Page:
1. ^ a b Bowers, p. 153.
  2. ^ a b c d "Missouri 100th Anniversary 50-Cent Piece". Retrieved April 11, 2020 – via ProQuest. Click through on "66 S. 4893 – Introduced in Senate Jan. 18, 1921" for information
  3. ^ "Senate" (PDF). Congressional Record. 60: 1995. January 25, 1921.
  4. ^ a b "Coinage of 50-Cent Piece in Commemoration of Admission of Missouri into the Union". United States House of Representatives. February 24, 1921.
  5. ^ "Coinage of 50-Cent Piece in Commemoration of Admission of Missouri into the Union". United States House of Representatives. February 10, 1921.
  6. ^ "House" (PDF). Congressional Record. 59: 5947–5950. April 21, 1920.
  7. ^ "House" (PDF). Congressional Record. 60: 4357. March 2, 1921.
  8. ^ a b c d Swiatek & Breen, p. 164.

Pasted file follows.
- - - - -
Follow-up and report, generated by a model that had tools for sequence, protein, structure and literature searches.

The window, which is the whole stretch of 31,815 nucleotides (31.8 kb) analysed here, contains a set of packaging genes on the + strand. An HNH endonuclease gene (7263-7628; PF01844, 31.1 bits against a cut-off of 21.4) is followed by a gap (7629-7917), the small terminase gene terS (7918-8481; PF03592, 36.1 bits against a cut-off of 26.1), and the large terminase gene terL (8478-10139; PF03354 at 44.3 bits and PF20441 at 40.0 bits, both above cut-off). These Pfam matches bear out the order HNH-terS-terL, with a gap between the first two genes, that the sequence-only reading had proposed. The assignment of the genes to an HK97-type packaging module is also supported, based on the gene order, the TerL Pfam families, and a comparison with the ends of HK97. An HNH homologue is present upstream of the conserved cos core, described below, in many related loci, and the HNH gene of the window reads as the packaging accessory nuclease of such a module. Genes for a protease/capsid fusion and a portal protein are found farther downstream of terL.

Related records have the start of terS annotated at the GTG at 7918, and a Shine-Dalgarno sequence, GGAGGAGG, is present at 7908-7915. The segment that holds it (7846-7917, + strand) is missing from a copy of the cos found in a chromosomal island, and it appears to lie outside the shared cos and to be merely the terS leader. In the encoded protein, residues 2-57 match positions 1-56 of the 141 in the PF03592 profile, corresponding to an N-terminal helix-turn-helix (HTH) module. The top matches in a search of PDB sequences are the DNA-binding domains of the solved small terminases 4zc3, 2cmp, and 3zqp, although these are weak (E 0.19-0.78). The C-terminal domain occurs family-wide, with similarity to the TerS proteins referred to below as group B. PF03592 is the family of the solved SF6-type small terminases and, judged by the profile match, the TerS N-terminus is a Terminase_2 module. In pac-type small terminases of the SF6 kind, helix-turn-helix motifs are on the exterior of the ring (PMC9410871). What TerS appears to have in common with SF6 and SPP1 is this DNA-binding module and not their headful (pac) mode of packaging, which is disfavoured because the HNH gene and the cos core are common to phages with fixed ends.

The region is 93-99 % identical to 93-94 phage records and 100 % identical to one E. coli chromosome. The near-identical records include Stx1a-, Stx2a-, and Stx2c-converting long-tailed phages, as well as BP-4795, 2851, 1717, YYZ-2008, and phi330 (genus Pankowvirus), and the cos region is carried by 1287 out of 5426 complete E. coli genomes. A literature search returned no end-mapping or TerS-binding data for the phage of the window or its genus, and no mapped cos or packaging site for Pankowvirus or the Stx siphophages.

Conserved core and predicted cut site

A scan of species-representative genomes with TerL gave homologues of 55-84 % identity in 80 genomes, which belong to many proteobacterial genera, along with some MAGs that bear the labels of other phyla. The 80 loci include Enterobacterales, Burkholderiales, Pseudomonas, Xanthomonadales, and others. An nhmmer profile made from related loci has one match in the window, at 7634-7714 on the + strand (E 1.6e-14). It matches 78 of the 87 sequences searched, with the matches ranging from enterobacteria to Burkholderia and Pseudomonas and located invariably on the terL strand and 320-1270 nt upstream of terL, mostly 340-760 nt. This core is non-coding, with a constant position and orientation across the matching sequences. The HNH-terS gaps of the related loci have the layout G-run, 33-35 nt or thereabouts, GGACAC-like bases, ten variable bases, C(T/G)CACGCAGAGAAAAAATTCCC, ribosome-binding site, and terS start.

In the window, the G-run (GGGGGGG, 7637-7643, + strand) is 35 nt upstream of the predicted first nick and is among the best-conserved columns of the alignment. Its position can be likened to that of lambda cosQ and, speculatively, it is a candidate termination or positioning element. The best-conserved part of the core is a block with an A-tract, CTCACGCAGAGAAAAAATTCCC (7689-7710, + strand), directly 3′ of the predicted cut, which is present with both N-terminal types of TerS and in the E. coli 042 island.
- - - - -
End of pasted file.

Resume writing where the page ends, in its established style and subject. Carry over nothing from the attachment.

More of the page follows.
9. ^ Taxay, pp. 52–53.
  10. ^ Taxay, pp. 53, 56.
  11. ^ a b c Taxay, p. 56.
  12. ^ Taxay, pp. 56–58.
  13. ^ Bowers, p. 154.
  14. ^ a b c Swiatek, p. 130.
  15. ^ a b Flynn, p. 123.
  16. ^ Swiatek & Breen, pp. 163–164.
  17. ^ Bowers, p. 156.
  18. ^ Slabaugh, p. 46.
  19. ^ "The Missouri Centennial Half Dollar a Popular Coin". The Numismatist: 484–485. October 1921.
  20. ^ a b c Vermeule, p. 162.
  21. ^ Vermeule, p. 163.
  22. ^ Flynn, p. 124.
  23. ^ a b "A 'Variety' of the Missouri Centennial Half Dollar". The Numismatist: 575. December 1921.
  24. ^ Bowers, pp. 155–156.
  25. ^ Yeoman, p. 1058.
  26. ^ Yeoman, p. 1059.
  27. ^ "1921 Missouri 50C MS". Numismatic Guaranty Corporation. Retrieved July 29, 2018.
  28. ^ Stevenson, Jed (August 2, 1992). "Coins; Mix-Up and Mystery: The 1921 Missouri Proof". The New York Times. Retrieved December 21, 2016.


External links[edit]